Let's move onto another one of my favorite haunts, Degre Auction House in nearby Westfield, Vermont. They were having an "indoor garage sale" to clear out their back room this weekend in advance of their regular Sunday auction.
The kids and I stopped in on Saturday morning to preview Sunday's goods and check out the clearance items. Of course, we managed to find a few things to buy at the garage sale. Among various prizes for the kids (a "peace bear" beanie baby for both of them and a vintage '70s Dairy Queen Tumbler in red and yellow for the Understudy) I snagged the "Made in Japan" Scottie Dog at the top of this post and this beautiful Wedgwood "Napoleon Ivy" soup bowl. I think that set me back 50 cents. The bowl is also on Ebay now, mostly because it doesn't nest easily and though I love it I don't really need it. Thrill of the hunt and all. The Scottie was shoehorned into the breakfront. He's staying.
And how about these two-faced salt shakers? Odd and scary, but in a totemic kind of way, no? They are, I think, survivors from prewar Japan. I love my photos of them that I have posted here and now wish I hadn't put them up on Ebay shortly after I got them home. Someone has already bid $5.99 so I guess I have to part with them. Silly me.
We went back to the auction house on Sunday morning for the main event. The auction was not as crowded as usual, and I wondered why. The goods on offer were, largely, an unappealing mass of 1990s "collectibles", which may have kept down attendance, or maybe it's the scary economy. In any case, there were still some gems to be found and I got one of them. It what may be my best buy to date, I picked up 48 pieces of this China by Royal Swan in Staffordshire. Behold:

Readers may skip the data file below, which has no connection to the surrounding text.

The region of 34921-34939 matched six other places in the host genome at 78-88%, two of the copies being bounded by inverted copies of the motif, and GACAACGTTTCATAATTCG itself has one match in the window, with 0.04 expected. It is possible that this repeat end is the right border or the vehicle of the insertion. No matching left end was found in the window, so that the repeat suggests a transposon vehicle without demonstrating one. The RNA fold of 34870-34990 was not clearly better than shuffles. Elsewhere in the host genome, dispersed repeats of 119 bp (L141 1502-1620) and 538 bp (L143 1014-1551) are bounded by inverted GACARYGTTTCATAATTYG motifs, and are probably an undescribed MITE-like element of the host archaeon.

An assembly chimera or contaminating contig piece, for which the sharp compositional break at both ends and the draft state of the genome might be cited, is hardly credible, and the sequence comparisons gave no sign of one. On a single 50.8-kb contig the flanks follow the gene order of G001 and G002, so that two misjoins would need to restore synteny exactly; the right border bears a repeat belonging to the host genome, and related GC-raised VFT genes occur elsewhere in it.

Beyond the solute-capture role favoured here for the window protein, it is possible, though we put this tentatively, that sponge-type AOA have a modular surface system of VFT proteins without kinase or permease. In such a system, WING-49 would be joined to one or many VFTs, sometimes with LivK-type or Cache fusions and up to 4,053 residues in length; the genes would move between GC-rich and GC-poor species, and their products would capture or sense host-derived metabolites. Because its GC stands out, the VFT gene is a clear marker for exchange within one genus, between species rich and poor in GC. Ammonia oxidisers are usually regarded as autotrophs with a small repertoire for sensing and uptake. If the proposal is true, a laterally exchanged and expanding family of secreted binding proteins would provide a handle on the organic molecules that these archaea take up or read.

These date from around 1950. There are a couple of chips on some of the saucers and one teacup is missing but otherwise I have the whole nearly mint service for 8, complete with platter and creamer and sugar bowl in all its genuine-22-karat-gold glory. Delivered price (I hope you are sitting down): $10, or $11.66 with buyer's premium and tax.
We were having company for tea that day, our lovely English friends. They had gone to the auction (on my recommendation) before we got there and left pretty quickly, no doubt put off by the hideous 90s dreck. They were charmingly and gratifyingly amazed by my China bargain. I had, of course, spread it out to maximum advantage for their visit.
Oh, I forgot to mention that on Saturday the kids and I also hit a library book sale at the beautiful and famous cross-border Haskell Free library in Stanstead, Quebec and Derby Line, Vermont. (There is a line on the wood floor indicating the international boundary). There, I got a folio sized collection of the works of Joseph Conrad with some great woodcuts (1942), a biography of Stephen Leacock,one of Evelyn Waugh, and my current reading, the life of Joseph Cornell, as previously described. Also a book on the St. Lawrence River for Shackleton (one of his middle names is "Lawrence" so he has a particular interest). Another $2 well spent, wouldn't you say?
I have been blogging late into the night, waiting for my Dad and Stepmom to arrive. They have, apparently, gone to the bed and breakfast where they are staying and won't be here til morning (with all this junk there is hardly room for visitors in the guest room). They have traveled here from New York for Thanksgiving dinner tomorrow, which we are hosting and which will also be attended by our Oxford friends (who missed the China, poor them).
I am already feeling thankful, "for all that we have received [...]". I hope you are too. I pray a Thanksgiving blessing on all of your heads.